And it has other real world advantages. Although it comes standard with Volvo’s excellent AWD system, the 3.2 S80 is over 100kgs lighter than its sibling. The not inconsiderable weight saving and reduced mass over the front wheels makes the large front-driver feel a little more agile in the handling stakes – no bad thing as the big Volvo is quite happy to hustle along if the thought takes you and the opportunity arises. Neither will you need to stop quite so often for premium fuel. Volvo quote an average fuel figure of 10.3 litres/100km vs 11.9 for the V8. I found the V8 even thirstier in practice while the 3.2 is fairly frugal.


Click to enlarge

Frugal though is not how you would describe the interior. Equipment levels are first rate, including electronically adaptive suspension as standard. Curtain airbags as you might expect, also abound (though luckily, I didn’t have a first hand experience with one of those!) while a side impact protection system is also standard. Top notch materials, including sumptuous leather, and outstanding build quality are all part of the desirable picture.

While, like the V8, I found the steering more than a little on the lifeless side, I really can’t fault the S80 for how it looks. Where the previous S80 seemed a little flabby, this one is by contrast quite chiseled – more Hugo Boss than Hallensteins. With its sleek styling, short front and rear overhangs, and classy alloys, the S80 achieves a considerable amount of road presence. Some will bemoan that it’s still a sedan, but a damn fine looking one all the same in my eyes.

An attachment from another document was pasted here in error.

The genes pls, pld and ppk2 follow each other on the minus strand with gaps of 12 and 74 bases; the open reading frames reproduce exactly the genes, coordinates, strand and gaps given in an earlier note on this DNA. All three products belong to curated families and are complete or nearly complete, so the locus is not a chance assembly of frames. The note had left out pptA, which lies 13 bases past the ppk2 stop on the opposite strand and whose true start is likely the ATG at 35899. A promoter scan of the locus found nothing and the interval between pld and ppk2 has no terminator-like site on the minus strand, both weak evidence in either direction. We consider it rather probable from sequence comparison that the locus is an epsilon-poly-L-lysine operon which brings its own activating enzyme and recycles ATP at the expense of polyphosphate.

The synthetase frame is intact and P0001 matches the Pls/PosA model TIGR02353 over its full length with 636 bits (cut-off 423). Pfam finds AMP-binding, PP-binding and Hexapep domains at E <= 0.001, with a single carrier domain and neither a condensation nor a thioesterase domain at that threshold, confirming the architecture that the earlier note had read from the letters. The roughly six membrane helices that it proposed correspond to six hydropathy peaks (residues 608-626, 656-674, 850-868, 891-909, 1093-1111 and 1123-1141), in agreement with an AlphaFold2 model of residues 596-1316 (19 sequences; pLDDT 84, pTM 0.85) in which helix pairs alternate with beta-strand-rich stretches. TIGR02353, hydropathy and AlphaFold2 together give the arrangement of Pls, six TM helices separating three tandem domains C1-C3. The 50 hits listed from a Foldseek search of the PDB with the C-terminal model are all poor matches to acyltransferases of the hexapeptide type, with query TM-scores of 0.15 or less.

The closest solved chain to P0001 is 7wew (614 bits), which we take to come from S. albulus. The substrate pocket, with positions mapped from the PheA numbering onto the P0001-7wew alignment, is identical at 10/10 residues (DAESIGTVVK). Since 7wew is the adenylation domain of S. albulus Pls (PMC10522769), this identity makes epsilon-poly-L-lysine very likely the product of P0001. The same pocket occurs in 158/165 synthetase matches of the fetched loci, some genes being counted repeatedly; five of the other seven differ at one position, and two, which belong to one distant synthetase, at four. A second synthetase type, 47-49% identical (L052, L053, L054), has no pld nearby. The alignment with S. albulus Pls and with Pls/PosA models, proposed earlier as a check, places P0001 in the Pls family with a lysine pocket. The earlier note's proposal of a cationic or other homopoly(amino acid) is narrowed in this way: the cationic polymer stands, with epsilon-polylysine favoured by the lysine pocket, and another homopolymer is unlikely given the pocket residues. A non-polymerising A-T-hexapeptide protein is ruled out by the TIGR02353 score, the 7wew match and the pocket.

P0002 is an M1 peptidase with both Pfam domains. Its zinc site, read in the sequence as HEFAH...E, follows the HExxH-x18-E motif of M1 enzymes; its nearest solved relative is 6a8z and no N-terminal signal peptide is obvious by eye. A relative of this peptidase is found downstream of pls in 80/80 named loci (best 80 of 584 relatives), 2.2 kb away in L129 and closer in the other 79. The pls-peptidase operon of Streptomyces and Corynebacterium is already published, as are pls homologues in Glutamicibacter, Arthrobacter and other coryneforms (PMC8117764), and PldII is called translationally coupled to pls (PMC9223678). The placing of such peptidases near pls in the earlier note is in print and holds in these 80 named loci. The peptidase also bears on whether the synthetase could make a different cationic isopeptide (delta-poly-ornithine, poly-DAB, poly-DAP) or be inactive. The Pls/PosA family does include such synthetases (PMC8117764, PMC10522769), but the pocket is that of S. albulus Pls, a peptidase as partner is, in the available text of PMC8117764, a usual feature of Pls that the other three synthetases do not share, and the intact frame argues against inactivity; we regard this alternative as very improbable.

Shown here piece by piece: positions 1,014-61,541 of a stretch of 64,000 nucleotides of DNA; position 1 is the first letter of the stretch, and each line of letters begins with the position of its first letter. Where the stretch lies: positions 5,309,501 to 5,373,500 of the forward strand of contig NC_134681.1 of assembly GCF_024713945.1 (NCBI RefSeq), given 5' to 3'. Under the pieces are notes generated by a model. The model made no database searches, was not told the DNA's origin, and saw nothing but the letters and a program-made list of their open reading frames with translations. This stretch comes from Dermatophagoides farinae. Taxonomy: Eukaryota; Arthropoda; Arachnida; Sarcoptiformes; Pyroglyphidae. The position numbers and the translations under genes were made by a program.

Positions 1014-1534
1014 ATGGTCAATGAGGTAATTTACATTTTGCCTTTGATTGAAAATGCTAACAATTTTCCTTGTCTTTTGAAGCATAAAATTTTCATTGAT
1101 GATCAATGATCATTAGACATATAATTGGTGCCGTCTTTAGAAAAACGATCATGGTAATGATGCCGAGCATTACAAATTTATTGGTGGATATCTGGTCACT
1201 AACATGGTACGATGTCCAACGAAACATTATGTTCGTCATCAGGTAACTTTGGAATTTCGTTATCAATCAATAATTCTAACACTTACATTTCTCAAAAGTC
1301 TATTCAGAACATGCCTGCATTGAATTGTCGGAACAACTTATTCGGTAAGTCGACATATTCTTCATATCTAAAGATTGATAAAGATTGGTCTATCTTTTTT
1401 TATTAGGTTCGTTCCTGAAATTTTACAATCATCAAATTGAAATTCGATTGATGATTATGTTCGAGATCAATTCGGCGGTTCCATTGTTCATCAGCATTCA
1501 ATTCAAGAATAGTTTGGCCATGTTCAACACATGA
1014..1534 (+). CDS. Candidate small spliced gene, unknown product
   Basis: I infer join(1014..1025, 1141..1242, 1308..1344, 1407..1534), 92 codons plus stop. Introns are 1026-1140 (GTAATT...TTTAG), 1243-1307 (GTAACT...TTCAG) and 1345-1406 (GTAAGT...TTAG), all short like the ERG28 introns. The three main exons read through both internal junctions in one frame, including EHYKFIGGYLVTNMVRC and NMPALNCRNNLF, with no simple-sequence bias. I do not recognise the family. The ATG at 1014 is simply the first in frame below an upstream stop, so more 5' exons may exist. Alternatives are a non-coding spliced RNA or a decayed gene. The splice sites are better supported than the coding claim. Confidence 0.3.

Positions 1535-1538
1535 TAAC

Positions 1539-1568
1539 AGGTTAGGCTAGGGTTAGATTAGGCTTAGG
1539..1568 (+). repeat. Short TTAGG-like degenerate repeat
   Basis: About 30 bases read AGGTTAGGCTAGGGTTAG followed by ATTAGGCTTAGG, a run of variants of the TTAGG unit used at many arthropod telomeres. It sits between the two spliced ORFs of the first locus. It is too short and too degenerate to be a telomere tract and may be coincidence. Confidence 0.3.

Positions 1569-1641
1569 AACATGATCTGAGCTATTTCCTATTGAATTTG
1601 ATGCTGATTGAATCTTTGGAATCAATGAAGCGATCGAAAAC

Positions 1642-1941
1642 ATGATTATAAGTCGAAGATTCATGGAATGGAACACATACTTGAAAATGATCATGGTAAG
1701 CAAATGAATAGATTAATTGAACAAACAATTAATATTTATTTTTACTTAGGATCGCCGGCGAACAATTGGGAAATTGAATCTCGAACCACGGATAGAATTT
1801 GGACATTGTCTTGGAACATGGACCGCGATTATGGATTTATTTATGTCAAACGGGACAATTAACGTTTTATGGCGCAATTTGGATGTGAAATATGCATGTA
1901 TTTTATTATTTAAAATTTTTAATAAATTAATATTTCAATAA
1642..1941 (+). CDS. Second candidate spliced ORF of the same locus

Given the price, one wonders why Government Minister’s aren’t being chauffeured around in these cars rather than the older, and heavier 7-Series BMWs. The retail price of $89,995 makes good dollar sense in these fiscally challenged times, representing a saving of around $20k over its more cylindered brethren (a diesel is $5k less again).

Ultimately, it might lack the character of the V8, but the cheaper, lighter, and less thirsty S80 3.2 makes a pretty compelling argument all the same. I have a particular fondness of the car too given how heroically it withstood the many tonned onslaught of one of Wellington’s public transports finest (impressively, there was no indication of the impact at all from the passenger compartment). I wonder how I will look in the endorsement adverts? You know the ones – me, undamaged, the Volvo, slightly damaged and the bus looking menacing in the background. Guess I better get in shape before the endorsement circuit beckons.